The existence of peace in this planet stretches far beyond the absence of war and other unspecified physical might and strengths. Peace in the world begins right in our hearts, to the homes or family, national and international level. To achieve the ideals of sustainable peace, progress and prosperity in the world, people have to inculcate the spirit and culture of peace in themselves and their children at a tender age.
The importance of peace cannot be overemphasised. Without peace, this world would not be a place fit for human survival. Peace is an inner sense of calm that can come in moments of silent gratitude or prayers. It is a way of becoming very quiet and looking at things so as to understand them. It is also about facing your fears and then letting them go with the trust that things will be all right.
Peaceful people are blessed with the awareness that all human beings are part of one human family. Peace in the world begins right with the peace in the heart and our interactions with others. A peaceful heart is always free of trouble, worry or worries. Without peace you would feel that you have to control everything and everyone. Peace in the world is not something that governments of the world create while everyone sits and wait, like spectators watching a football match. People have to make peace in their homes, work places and schools. Peaceful people are always free of violence, prejudices, safe from injustice and other inhuman activities.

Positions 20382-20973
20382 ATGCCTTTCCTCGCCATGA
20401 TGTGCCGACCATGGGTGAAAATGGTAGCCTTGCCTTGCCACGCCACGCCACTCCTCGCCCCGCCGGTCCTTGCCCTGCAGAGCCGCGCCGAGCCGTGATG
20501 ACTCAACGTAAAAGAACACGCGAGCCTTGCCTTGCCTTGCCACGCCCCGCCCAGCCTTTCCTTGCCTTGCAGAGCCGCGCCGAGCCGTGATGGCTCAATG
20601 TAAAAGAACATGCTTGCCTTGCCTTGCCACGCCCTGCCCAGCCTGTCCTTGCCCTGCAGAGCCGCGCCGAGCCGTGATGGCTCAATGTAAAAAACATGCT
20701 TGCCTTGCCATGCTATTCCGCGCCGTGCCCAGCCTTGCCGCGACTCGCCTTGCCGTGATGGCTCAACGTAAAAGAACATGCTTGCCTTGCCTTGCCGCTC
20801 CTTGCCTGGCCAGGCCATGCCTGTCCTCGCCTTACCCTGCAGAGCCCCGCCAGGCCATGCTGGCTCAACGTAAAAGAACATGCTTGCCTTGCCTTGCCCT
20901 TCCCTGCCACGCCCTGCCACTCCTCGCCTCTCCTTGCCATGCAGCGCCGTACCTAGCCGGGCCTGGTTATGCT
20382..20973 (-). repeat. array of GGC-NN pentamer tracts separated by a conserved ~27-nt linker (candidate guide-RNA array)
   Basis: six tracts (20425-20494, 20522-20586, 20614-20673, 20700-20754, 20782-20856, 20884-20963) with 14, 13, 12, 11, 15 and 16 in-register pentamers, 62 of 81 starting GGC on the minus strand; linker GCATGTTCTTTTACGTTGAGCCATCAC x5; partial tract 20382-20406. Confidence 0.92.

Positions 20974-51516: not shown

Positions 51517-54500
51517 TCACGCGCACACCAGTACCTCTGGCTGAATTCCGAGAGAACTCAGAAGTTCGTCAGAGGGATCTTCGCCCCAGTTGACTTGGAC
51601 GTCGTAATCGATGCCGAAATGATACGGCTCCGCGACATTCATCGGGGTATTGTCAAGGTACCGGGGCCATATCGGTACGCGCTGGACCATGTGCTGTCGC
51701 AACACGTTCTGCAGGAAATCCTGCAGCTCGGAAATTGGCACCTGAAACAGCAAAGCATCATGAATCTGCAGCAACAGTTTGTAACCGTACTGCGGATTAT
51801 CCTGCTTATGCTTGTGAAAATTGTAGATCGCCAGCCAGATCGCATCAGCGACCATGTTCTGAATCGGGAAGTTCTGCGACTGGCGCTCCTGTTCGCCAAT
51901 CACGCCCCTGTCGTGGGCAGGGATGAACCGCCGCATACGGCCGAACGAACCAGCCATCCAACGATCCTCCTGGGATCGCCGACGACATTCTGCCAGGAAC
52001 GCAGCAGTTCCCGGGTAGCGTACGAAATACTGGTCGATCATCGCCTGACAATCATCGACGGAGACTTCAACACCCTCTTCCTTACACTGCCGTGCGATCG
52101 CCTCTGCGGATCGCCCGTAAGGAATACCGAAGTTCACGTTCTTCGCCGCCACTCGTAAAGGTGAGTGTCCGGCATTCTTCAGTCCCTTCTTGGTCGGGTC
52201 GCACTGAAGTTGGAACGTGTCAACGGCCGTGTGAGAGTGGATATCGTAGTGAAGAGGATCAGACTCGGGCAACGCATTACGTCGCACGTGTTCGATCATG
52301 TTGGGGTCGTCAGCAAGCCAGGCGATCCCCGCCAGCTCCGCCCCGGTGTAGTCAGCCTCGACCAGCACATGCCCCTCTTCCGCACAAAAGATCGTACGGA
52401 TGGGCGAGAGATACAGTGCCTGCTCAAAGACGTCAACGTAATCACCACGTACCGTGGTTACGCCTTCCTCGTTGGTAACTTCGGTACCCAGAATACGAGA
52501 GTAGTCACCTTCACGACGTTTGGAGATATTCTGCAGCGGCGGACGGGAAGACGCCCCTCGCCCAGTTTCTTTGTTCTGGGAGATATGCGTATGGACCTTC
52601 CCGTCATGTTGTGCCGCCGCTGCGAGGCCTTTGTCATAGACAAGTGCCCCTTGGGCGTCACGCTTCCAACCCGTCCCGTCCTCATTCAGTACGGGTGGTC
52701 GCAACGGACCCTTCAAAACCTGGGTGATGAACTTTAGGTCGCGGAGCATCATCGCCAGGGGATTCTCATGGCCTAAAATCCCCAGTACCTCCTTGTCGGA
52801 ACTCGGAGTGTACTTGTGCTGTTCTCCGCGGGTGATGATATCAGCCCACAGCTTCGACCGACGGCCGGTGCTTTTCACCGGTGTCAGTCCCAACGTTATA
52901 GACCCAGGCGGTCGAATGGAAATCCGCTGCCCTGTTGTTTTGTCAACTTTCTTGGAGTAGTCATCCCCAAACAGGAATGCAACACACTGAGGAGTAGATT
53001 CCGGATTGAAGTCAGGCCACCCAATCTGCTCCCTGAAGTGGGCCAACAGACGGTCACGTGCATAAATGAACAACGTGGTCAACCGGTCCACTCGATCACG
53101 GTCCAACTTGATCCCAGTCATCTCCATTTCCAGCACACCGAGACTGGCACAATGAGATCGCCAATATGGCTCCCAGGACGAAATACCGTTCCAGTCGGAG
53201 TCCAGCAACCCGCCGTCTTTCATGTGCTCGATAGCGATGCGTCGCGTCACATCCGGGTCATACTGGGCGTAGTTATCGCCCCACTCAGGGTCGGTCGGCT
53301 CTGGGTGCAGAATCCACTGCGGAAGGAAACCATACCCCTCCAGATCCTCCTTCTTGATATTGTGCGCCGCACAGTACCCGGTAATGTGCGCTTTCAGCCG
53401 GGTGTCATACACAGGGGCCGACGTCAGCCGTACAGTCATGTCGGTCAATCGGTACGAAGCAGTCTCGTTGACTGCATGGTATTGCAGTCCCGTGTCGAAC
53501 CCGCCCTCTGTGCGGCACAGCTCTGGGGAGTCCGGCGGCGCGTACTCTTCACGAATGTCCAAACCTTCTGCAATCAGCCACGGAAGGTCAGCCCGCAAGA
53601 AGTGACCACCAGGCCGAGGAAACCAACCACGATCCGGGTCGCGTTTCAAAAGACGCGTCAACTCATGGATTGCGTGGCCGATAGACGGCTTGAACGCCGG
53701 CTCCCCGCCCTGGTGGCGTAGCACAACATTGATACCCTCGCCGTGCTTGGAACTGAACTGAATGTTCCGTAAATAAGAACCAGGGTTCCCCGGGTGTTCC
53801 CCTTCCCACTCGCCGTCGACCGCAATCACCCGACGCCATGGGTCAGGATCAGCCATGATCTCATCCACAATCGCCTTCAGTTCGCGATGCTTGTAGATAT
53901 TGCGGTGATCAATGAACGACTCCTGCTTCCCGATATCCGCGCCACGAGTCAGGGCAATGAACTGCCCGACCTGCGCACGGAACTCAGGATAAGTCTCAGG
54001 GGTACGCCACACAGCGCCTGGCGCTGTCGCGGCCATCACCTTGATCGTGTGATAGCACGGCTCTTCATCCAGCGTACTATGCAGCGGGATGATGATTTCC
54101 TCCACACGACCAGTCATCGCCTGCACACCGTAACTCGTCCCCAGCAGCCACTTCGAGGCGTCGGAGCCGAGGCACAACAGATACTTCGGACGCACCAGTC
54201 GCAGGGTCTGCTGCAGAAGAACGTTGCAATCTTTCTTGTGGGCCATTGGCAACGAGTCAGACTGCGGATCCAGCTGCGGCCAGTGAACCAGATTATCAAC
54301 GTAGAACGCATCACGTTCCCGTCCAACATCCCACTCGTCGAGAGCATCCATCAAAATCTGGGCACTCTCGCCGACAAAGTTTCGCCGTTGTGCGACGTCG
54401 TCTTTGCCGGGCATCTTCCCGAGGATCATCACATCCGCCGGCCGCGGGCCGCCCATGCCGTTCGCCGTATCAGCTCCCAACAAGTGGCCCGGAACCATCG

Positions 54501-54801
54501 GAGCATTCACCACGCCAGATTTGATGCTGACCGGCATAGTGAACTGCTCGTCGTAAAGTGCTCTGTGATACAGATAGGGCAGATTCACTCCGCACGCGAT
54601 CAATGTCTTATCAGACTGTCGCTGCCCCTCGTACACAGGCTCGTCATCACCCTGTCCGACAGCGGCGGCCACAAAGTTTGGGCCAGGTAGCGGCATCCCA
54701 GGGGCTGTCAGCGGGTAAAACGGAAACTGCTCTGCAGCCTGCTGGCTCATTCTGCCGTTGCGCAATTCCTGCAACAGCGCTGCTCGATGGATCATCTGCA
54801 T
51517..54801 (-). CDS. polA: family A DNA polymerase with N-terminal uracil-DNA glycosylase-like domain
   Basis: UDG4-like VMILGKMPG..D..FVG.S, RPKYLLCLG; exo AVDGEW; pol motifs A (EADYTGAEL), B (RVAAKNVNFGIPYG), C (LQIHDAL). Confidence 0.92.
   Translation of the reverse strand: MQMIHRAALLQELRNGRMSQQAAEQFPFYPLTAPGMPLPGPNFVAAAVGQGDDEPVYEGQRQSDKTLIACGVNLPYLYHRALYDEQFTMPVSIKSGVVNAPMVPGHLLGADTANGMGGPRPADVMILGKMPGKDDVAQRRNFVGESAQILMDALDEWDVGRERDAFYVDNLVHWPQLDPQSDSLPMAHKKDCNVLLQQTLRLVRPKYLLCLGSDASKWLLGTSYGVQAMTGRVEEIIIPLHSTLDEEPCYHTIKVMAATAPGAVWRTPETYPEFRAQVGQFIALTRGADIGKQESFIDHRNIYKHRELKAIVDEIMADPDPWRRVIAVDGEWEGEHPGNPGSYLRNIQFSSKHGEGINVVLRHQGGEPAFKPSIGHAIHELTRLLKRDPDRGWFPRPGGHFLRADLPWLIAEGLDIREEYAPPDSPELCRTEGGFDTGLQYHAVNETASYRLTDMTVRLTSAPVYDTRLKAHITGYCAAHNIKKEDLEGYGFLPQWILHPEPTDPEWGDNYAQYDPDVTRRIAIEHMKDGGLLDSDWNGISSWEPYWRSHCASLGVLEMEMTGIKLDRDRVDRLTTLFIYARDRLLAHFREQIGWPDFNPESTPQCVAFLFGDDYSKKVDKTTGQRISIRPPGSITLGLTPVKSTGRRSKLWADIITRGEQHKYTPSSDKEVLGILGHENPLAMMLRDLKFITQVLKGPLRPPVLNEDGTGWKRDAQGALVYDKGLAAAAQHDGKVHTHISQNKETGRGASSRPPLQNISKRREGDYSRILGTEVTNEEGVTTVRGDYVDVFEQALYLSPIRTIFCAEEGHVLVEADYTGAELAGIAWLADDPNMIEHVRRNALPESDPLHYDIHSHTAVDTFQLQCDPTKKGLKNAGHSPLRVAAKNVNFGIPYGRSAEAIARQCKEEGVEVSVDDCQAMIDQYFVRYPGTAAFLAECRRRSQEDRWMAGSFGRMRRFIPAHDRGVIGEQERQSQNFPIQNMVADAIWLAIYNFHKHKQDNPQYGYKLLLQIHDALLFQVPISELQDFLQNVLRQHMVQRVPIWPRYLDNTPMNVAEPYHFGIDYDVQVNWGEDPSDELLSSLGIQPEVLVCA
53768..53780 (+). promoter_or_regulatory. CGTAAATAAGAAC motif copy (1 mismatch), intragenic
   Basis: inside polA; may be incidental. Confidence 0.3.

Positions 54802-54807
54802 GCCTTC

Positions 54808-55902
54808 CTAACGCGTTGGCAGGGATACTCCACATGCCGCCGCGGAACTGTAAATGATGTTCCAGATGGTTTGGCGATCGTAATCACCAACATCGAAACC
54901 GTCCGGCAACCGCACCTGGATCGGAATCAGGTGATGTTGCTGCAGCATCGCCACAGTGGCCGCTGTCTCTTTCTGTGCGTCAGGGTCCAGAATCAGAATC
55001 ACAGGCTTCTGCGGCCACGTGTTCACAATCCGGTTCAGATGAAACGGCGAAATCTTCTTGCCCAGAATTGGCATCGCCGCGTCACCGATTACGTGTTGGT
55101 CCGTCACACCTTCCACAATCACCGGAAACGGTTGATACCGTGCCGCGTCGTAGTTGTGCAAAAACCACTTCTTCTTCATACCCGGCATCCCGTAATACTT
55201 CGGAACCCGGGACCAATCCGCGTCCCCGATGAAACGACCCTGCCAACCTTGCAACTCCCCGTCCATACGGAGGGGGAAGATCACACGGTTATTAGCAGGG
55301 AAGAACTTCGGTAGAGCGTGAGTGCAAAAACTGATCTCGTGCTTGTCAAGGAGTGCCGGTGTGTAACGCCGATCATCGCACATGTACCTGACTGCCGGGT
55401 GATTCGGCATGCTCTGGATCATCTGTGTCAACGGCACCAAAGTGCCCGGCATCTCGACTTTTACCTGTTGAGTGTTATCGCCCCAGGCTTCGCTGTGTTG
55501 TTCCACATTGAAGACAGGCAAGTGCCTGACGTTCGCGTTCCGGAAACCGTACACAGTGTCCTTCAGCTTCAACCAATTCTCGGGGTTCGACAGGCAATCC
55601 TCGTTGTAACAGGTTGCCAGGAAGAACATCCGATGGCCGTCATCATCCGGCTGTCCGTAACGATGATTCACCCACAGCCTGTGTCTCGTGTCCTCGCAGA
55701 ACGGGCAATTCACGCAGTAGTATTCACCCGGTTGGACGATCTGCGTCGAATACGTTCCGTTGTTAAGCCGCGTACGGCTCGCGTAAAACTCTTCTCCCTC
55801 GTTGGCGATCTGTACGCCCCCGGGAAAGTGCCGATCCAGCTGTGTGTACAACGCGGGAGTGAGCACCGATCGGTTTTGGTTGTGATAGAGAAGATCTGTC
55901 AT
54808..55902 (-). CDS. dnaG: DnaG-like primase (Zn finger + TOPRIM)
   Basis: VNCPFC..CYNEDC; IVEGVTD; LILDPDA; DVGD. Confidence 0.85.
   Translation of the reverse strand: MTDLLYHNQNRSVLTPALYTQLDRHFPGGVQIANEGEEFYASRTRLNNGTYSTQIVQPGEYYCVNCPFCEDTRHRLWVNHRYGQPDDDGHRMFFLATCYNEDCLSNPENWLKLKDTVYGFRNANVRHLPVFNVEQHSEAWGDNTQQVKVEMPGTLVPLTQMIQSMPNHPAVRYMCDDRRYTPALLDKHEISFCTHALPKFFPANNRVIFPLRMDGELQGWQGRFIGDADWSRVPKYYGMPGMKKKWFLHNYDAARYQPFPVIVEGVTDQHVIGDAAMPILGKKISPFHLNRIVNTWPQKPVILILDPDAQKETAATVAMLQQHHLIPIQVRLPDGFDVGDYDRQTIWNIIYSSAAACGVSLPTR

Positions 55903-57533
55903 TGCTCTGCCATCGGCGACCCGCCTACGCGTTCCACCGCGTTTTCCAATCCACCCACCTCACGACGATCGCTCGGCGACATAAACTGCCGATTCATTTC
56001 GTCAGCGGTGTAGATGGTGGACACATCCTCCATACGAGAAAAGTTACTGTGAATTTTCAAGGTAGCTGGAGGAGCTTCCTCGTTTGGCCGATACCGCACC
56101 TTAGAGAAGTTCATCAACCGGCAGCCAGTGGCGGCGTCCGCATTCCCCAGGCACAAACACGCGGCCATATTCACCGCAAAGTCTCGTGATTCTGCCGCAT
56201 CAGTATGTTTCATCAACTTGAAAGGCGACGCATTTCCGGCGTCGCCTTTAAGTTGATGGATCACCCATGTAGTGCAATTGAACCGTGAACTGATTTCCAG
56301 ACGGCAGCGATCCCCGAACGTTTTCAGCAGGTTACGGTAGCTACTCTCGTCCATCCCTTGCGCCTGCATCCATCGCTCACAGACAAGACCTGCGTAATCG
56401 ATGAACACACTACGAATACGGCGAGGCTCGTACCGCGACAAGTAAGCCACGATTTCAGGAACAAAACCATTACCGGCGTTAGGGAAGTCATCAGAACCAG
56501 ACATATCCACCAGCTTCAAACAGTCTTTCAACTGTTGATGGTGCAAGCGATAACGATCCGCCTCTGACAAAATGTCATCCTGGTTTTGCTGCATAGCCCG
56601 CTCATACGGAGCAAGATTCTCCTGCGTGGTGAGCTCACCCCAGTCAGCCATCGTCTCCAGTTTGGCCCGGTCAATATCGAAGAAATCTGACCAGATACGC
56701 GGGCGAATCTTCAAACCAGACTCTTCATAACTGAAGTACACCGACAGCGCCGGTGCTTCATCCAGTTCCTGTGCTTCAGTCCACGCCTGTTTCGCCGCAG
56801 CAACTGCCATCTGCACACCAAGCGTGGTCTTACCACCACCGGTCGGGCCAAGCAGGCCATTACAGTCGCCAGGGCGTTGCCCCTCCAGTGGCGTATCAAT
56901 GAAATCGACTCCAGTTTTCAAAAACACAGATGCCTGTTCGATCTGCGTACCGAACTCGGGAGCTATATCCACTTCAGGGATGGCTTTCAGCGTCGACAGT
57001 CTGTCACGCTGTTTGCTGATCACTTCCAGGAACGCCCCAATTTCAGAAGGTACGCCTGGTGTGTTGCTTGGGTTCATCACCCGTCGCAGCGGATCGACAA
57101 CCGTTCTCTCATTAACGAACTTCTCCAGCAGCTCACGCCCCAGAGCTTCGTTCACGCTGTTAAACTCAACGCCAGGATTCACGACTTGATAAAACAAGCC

When each of us is peaceful, all those who in one way or the other come in contact with us will feel loved, respected and treated fairly, above all we would begin to see our differences as benefits rather than a cause to fight. We would not see our differences as a threat to who we are and what we are; we would not judge others by what we hear but rather we would judge them through what we know. Lack of peace leads people to selfishness and becoming self-seeking even if others get hurt in the process.
After all, peace and development are tied together in much the same way as life is tied to the air we breathe. We need not contemplate any prospect of development when either our environment or our neighbour's, is in disorder. And proximity, vis-à-vis how close one might be to a prevailing problem, does not in any way matter these days. The effects of a conflict can be felt as far as the influence of globalisation can determine, yet the force of globalisation is clearly inexorable. This makes it especially incumbent upon everyone to ensure the propagation, promotion and safeguarding of peace and tranquility; even if not for one's own sake, but for the sake of future generations, to whom we owe it. Let us all then allow peace to flourish.